Cult Craze


To the Editors of The Crimson:

I read with eagerness Kenneth Walton's defense of the claims by TM that 4000 of its meditators are levitating and turning themselves invisible. TM's leaders have been making these claims for nearly a year now, but they still do not allow outsiders to witness these marvelous goings-on. At last, I hoped, here was someone--a Harvard Med School instructor no less--who could provide firsthand reports.

But no. Strip away his rationalizations and intellectual fog, and all Walton is saying is that because TM is a good experience for him, he will believe whatever TM's leaders tell him.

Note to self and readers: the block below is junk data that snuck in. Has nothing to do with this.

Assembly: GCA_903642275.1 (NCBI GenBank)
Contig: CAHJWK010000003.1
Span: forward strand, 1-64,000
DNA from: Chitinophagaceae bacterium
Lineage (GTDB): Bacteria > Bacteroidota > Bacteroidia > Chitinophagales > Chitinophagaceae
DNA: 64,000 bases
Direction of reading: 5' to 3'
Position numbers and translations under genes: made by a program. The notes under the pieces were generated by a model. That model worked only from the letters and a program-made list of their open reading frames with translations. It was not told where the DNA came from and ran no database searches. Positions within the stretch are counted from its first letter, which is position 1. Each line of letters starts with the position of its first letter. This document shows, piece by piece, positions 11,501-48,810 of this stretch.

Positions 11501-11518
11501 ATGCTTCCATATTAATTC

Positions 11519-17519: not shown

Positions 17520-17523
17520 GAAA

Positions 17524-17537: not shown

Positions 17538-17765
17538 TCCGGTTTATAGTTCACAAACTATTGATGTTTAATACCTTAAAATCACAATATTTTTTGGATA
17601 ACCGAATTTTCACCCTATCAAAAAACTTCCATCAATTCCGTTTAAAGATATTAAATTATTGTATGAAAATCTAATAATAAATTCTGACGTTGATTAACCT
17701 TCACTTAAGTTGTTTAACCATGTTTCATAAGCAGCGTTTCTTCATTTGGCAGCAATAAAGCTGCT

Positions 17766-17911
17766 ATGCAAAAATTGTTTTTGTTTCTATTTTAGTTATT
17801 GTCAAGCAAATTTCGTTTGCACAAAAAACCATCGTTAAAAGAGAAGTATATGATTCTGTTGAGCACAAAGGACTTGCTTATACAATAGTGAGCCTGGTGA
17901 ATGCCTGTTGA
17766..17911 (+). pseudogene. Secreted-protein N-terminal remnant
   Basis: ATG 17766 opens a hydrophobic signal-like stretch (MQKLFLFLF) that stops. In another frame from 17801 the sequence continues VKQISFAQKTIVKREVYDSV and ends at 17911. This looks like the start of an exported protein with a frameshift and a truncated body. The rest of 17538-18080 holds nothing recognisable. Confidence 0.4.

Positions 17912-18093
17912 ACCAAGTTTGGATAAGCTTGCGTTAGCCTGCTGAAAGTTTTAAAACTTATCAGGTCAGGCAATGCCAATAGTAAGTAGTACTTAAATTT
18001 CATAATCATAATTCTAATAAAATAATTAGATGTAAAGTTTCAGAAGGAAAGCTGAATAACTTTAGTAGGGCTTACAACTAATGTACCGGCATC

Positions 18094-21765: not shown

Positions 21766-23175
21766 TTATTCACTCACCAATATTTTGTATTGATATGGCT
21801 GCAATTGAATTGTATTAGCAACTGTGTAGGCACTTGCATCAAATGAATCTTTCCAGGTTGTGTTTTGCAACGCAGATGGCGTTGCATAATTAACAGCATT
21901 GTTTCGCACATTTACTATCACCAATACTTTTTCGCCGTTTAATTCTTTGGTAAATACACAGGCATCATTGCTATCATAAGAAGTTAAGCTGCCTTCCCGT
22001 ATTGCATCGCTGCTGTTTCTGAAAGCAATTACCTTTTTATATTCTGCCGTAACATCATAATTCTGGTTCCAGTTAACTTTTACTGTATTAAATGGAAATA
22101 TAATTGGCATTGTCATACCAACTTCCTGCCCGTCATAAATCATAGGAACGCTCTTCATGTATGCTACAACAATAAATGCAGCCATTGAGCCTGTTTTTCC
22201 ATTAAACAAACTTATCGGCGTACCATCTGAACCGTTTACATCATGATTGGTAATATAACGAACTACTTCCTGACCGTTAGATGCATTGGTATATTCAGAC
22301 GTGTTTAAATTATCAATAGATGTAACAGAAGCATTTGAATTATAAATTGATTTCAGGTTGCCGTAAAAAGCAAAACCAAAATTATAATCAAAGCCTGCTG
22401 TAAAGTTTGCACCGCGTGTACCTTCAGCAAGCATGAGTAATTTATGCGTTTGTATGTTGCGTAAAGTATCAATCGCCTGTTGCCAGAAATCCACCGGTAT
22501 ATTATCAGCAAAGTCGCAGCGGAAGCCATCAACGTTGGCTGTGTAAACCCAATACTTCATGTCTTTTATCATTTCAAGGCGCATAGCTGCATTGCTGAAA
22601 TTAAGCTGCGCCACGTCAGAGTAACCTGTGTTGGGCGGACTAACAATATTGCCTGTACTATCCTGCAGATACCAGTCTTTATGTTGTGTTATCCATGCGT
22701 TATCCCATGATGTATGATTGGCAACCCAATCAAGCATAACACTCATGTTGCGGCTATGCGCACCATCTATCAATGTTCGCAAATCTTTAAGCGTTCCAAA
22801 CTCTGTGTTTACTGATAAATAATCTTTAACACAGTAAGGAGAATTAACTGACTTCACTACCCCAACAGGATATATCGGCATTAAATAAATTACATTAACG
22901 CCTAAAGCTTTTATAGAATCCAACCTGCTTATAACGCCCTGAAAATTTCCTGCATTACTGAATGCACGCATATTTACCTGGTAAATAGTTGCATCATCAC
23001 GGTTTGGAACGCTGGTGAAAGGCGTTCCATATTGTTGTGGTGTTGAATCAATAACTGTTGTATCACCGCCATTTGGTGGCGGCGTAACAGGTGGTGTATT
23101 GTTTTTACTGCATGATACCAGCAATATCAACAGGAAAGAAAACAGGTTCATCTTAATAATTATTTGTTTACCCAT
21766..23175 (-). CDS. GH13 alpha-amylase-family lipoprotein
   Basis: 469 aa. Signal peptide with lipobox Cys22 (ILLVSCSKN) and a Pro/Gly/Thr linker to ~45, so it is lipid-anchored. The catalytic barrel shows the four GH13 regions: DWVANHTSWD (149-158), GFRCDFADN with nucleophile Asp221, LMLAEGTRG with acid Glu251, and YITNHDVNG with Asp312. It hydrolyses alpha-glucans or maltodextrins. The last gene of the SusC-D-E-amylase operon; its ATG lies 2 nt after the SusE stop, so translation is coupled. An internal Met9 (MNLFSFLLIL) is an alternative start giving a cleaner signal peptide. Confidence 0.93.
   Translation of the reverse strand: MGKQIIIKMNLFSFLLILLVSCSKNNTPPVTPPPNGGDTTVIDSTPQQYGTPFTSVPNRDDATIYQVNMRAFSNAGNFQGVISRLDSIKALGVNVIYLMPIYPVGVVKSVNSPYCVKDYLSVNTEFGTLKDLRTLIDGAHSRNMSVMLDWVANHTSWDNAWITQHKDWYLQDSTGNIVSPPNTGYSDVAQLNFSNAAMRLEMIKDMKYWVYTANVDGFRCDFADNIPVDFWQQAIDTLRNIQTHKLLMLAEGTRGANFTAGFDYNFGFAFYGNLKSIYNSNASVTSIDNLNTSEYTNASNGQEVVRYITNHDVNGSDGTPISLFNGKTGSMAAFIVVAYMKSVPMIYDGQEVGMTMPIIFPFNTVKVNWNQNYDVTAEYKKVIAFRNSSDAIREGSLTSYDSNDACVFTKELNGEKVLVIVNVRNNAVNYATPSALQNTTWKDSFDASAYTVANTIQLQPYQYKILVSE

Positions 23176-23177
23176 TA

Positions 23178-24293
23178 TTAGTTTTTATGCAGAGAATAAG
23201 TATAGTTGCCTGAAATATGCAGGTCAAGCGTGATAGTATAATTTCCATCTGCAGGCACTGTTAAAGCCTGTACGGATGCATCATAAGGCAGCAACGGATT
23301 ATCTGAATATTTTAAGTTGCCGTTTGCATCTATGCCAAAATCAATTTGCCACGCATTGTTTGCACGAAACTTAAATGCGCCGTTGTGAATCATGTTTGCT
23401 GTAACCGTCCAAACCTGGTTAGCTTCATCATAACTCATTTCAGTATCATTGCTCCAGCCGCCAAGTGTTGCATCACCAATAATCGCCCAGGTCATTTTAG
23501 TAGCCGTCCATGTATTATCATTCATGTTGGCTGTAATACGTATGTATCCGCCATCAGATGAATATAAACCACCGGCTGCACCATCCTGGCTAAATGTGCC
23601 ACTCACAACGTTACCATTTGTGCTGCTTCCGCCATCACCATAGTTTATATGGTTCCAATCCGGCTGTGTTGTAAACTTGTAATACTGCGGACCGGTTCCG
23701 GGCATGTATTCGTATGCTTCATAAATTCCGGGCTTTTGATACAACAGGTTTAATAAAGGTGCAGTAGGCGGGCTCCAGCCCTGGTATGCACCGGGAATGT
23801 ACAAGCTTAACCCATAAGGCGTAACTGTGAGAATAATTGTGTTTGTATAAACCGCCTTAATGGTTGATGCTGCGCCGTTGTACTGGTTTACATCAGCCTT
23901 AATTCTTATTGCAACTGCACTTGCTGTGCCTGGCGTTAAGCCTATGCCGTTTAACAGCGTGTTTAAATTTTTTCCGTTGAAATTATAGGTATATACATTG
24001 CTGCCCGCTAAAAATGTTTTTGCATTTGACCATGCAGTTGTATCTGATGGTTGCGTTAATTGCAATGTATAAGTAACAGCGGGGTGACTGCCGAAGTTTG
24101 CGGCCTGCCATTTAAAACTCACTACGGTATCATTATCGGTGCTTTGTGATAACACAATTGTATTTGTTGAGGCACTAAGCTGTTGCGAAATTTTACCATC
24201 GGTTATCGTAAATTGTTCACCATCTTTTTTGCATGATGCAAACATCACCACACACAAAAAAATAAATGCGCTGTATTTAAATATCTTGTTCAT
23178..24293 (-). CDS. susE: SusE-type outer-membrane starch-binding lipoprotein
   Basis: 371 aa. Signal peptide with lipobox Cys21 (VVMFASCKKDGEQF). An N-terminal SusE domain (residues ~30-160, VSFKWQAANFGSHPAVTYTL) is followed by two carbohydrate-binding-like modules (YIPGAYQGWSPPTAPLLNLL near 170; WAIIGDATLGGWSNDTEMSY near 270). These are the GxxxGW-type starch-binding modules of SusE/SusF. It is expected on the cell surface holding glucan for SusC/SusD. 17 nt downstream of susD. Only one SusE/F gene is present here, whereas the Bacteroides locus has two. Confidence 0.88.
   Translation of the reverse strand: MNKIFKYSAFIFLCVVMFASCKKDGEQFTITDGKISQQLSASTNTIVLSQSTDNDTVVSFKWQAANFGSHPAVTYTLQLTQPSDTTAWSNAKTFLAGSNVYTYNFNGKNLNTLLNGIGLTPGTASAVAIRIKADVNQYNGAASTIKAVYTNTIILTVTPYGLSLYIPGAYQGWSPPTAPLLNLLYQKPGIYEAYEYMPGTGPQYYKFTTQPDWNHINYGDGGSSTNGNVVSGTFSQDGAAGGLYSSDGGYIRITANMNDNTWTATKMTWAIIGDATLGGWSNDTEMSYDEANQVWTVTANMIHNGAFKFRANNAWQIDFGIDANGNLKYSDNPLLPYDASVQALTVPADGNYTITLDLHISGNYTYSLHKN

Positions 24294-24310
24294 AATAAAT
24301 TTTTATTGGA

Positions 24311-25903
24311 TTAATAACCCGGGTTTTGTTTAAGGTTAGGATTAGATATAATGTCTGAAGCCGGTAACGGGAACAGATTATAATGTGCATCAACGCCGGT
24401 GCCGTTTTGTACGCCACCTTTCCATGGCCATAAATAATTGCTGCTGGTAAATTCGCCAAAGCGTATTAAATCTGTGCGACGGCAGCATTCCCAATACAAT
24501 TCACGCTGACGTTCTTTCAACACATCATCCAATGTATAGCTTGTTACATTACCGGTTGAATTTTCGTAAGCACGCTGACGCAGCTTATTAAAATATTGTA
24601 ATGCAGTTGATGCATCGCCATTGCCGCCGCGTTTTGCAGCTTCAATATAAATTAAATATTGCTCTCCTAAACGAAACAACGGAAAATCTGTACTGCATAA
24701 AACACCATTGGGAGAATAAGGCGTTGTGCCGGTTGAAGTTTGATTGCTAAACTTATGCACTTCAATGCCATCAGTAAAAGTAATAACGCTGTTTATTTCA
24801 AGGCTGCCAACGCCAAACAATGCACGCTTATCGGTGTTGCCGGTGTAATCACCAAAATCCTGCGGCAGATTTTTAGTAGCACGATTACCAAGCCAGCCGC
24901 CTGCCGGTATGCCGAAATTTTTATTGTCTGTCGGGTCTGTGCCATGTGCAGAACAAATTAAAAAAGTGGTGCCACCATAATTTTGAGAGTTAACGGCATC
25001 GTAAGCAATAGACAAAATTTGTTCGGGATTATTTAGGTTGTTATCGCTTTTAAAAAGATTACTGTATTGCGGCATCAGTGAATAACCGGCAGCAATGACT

Shucks. I'd like to fly and turn invisible myself. I'm sure it would be a gas. But I'll believe it only when I see it--and so should Walton. There are already too many intelligent people around getting drawn into one cultish sect or another to the point of believing--and vigorously defending--whatever craziness the group leaders tell them, whether it be comical craziness as in the case of TM, or frightening and dangerous craziness as in the case of certain religious cults recruiting locally. History suggests that this syndrome does not lead to happy results. --Alan M. MacRobert